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He Lived, I Learned

October 29, 2009

Cindy's dad, Henry J. Battles

Cindy's Father, The Hon. Henry J. Battles

This post was contributed by Cindy Battles, a freelance writer based in Rutland, VT who’s been diagnosed with and managing bipolar disorder for many years.

 

Generosity. Patience. Compassion. This was my father’s credo.

When I was hospitalized in the past, he took time out of his busy schedule to drive the hour and a half each way just to walk the hospital halls with me. Then there were those frantic, anxious calls in the middle of the night… he always answered, willing to keep me company on the line, gently suggesting ways to calm down and fall asleep. And when no one else would hire me, he gave me a job in his law office — he gave me a chance.

In the words of Clarence Budington Kelland, my father “didn’t tell me how to live; he lived, and let me watch him do it.”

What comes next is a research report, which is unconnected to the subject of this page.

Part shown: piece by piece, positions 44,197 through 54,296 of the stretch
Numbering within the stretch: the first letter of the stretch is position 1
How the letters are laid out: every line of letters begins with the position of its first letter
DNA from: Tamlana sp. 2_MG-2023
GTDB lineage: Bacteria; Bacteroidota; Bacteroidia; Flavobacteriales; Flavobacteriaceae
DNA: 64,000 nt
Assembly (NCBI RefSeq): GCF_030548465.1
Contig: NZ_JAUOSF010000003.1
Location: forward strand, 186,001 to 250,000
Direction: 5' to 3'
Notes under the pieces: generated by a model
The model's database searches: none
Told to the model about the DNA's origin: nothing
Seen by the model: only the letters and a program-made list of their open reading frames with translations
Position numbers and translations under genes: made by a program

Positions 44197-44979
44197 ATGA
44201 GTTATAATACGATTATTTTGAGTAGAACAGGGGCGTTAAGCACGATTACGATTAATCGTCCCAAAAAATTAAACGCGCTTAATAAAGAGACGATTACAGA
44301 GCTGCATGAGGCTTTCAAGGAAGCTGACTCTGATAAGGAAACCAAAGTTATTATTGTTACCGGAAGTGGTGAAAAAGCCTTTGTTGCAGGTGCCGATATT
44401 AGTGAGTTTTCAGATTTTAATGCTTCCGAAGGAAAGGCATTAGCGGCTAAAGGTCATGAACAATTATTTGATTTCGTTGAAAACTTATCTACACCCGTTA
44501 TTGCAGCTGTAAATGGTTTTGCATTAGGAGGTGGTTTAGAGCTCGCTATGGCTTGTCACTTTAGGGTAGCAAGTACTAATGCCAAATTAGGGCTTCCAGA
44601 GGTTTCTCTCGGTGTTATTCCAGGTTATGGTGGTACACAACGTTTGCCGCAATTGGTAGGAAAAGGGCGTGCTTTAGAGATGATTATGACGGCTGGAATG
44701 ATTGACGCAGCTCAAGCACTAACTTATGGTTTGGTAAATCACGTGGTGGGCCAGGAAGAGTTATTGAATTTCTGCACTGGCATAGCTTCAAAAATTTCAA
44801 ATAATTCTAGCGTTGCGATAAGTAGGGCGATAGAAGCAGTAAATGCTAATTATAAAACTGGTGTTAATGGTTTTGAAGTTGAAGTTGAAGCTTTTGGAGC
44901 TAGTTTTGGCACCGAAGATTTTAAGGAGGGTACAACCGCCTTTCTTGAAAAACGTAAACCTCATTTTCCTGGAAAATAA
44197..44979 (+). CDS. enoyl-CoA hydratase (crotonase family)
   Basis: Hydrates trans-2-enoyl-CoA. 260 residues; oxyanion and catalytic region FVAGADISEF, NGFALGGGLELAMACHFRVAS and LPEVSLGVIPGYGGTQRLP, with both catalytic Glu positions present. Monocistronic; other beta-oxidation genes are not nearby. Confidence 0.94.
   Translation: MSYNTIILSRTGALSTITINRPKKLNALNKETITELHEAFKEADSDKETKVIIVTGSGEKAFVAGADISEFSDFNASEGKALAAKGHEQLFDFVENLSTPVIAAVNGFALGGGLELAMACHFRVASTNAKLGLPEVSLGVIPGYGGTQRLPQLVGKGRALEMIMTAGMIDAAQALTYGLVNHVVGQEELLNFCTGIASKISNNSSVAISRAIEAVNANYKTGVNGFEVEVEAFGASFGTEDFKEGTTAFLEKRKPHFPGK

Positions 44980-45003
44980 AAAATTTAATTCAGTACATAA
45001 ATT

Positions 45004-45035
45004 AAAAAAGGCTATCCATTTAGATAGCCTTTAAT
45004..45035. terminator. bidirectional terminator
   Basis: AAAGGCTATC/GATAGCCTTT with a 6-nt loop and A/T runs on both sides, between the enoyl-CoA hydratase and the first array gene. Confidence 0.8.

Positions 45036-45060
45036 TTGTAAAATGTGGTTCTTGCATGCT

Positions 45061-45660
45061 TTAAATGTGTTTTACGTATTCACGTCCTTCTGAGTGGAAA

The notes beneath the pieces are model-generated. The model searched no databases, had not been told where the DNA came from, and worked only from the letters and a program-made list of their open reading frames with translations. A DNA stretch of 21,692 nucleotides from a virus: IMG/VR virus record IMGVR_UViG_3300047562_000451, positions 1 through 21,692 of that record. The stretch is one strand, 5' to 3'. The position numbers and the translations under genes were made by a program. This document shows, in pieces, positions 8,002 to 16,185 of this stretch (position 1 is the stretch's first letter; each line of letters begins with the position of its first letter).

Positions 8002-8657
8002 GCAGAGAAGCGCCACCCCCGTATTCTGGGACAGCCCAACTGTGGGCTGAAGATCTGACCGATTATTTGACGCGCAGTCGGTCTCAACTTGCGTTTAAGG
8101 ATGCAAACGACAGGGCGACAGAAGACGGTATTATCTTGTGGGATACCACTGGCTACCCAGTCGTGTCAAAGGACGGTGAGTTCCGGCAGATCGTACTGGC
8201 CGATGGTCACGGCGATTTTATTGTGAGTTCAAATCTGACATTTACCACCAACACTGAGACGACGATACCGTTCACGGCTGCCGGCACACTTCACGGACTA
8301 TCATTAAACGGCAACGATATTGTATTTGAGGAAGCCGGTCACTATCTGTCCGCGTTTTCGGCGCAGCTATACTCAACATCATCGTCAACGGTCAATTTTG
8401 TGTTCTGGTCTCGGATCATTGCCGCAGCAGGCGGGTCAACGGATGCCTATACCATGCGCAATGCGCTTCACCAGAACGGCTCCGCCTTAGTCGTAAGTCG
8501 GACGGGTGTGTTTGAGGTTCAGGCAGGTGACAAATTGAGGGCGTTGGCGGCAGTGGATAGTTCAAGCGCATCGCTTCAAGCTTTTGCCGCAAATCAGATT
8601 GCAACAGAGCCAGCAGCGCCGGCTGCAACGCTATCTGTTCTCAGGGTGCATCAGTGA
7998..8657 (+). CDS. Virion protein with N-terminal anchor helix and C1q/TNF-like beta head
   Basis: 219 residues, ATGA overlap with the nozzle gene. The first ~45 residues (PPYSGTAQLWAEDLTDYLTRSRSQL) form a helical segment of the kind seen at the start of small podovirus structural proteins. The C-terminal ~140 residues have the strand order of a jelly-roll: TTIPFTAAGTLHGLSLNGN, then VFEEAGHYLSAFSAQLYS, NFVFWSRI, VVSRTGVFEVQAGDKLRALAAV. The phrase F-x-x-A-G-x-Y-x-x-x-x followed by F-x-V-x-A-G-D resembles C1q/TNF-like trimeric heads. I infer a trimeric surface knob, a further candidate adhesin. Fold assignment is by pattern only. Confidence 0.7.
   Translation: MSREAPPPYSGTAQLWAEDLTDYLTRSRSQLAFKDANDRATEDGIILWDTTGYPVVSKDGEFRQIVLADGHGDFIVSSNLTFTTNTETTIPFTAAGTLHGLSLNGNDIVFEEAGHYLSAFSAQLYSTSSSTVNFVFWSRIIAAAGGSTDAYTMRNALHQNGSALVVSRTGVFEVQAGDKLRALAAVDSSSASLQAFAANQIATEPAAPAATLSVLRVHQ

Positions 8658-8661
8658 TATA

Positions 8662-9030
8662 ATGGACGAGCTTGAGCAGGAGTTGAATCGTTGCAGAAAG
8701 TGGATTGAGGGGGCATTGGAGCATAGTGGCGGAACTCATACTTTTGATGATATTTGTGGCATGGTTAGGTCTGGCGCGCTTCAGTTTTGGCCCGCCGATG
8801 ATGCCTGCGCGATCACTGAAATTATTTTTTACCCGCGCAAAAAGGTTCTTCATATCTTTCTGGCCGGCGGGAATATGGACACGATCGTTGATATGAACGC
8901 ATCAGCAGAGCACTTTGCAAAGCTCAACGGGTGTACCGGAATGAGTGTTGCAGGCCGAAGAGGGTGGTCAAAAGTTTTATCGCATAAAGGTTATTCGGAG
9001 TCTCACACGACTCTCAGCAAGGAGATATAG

On the toughest days (we’ve all had them), while curled up on my parents’ couch and crying, my father’s credo would come in the form of a question: “Did you help someone today?” he’d ask. Such a simple thing to request, it seemed. All I had to do was get up and wash a few dishes or do the laundry. An achievement for the day; by helping others, I helped myself.

As recipient of my father’s kindnesses, I can proudly say that his credo has become mine. Bringing chicken soup to a sick friend, for example, can be more meaningful to their day than any of us might ever imagine.

But perhaps more importantly, I’ve learned to apply generosity, patience, and compassion to myself; to not only dream a different dream but to also acknowledge even the smallest successes. “This is how we get through the day,” my father would say. Step-by-step, one small dream achieved after another. All in a day’s work. And, a legacy I’ve found to be the fastest road back to working, laughing, and like my father, livin’ large.

So. Did you help someone today?

Cindy

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